’Channel 4 isn’t broke, and doesn’t need fixing’

Dear Prime Minister,

Tom Tugendhat

Tom Tugendhat: among signatories

We wanted to make you aware of our concerns about the possible privatisation of Channel 4. A final decision has yet to be made on this, but the Government has made it clear that a change of ownership of Channel 4 is its preferred option. We disagree: a change of ownership is not only unnecessary but may actually be contrary to the goals of the levelling up agenda this Government was elected to implement. The case for change has not been made and the case for retaining Channel 4’s current ownership structure is clear.

In our view, there is no urgent need for Channel 4 to change its ownership structure. It is self-sufficient and successful, making no drain on the public purse. It also plays a vital role in the broadcasting ecosystem, not least in commissioning programmes from more independent production companies, and more small independent production companies, than any other public service broadcaster.

Channel 4’s support for regional SMEs is unique. The channel’s support for these companies through its commissioning targets already goes far further than is required, and further than any other public service broadcaster. It is in many ways an engine of small production company growth outside the M25, giving a platform to regional businesses which we should be nurturing and growing. Regional voices have long struggled to break into the broadcasting landscape; Channel 4’s current ownership structure ensures more will be heard. In doing this, it plays a crucial role in supporting British businesses in one of the UK’s most internationally successful and iconic industries. To put it simply: Channel 4 isn’t broke, and doesn’t need fixing.

We are concerned at the potential adverse consequences of any sale, particularly on the independent TV and film production sector for whom Channel 4 as currently structured is such a crucial commissioner. Many small independents – around 15 per year – get their first commissions from Channel 4 before going on to become successful businesses. One of the attractions of Channel 4 to any potential buyer would be the ability to bring some TV production in-house and benefit from vertical integration, greater economies of scale and retained intellectual property. But all of this would come at a cost to our existing, successful independent sector, and to new entrants to that industry, in the form of fewer opportunities to have programmes commissioned by the channel that has been their greatest champion.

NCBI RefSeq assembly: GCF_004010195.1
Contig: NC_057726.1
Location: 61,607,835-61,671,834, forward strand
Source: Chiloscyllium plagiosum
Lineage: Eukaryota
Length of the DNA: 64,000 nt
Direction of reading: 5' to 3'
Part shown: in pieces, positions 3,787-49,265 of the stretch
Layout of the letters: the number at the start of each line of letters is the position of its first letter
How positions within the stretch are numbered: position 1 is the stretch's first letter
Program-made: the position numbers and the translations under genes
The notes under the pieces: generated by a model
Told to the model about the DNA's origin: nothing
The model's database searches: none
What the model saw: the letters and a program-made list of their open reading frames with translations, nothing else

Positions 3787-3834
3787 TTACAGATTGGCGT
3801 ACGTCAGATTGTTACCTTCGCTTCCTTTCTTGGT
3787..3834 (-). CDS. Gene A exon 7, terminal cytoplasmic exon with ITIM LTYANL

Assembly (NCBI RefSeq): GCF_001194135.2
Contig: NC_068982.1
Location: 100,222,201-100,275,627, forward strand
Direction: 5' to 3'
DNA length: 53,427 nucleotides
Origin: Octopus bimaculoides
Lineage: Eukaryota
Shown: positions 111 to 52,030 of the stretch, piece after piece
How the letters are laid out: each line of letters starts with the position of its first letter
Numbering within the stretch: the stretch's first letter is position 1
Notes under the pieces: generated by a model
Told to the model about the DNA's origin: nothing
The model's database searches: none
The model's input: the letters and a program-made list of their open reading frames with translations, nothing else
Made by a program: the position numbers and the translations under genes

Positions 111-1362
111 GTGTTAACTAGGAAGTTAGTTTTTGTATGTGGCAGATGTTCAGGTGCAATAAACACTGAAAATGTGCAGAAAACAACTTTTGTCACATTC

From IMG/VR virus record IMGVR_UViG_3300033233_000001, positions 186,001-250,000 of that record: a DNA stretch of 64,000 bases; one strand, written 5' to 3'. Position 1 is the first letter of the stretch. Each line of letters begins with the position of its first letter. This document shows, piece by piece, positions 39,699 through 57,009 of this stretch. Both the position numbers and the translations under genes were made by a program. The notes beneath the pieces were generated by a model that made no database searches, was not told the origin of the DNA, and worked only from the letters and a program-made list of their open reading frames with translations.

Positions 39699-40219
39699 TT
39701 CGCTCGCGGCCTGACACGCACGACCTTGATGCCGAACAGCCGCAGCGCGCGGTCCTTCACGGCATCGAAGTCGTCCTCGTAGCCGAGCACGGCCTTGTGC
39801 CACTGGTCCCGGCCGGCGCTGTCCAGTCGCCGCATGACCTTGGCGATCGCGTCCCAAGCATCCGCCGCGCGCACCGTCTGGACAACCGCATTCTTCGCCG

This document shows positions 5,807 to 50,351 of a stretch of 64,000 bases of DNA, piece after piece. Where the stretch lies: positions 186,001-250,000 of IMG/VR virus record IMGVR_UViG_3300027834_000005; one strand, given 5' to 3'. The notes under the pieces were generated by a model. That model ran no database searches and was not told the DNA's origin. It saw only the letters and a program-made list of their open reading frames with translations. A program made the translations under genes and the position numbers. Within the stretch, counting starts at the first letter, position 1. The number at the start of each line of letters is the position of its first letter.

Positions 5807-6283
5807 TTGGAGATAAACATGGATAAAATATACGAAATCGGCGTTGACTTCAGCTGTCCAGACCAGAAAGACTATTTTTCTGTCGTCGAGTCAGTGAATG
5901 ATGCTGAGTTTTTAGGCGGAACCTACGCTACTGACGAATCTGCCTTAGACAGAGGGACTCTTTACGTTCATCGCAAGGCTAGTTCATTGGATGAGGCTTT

The Government does rightly recognise the unique contribution Channel 4 makes to our broadcasting and cultural sector. It has suggested that it may place certain conditions on the sale of Channel 4: on commissioning a certain amount of its programming from independents, on a commitment to levelling up through regional commissioning and retaining its new Leeds headquarters, and on demonstrating innovation and distinctive character in its programming. This is all well and good, but all of it relates to things which Channel 4 already does and which its commercial and PSB competitors do not do, or do not do to the same extent. An easier solution exists: leave it alone. 

Margaret Thatcher created Channel 4 as a publicly-owned, non-profit public sector broadcaster that would act as an incubator for independent, risk-taking, innovative private sector companies. She had a vision to level up the broadcasting landscape and she succeeded spectacularly well. We should maintain her legacy, not put it at risk.

Yours sincerely,

Mr Simon Fell MP, Barrow and Furness
Mr Andy Carter MP, Warrington South
The Rt Hon Karen Bradley MP, Staffordshire Moorlands
The Rt Hon Damian Green MP, Ashford
Mr Stephen Hammond MP, Wimbledon
Mr Thomas Tugendhat MP, Tonbridge and Malling

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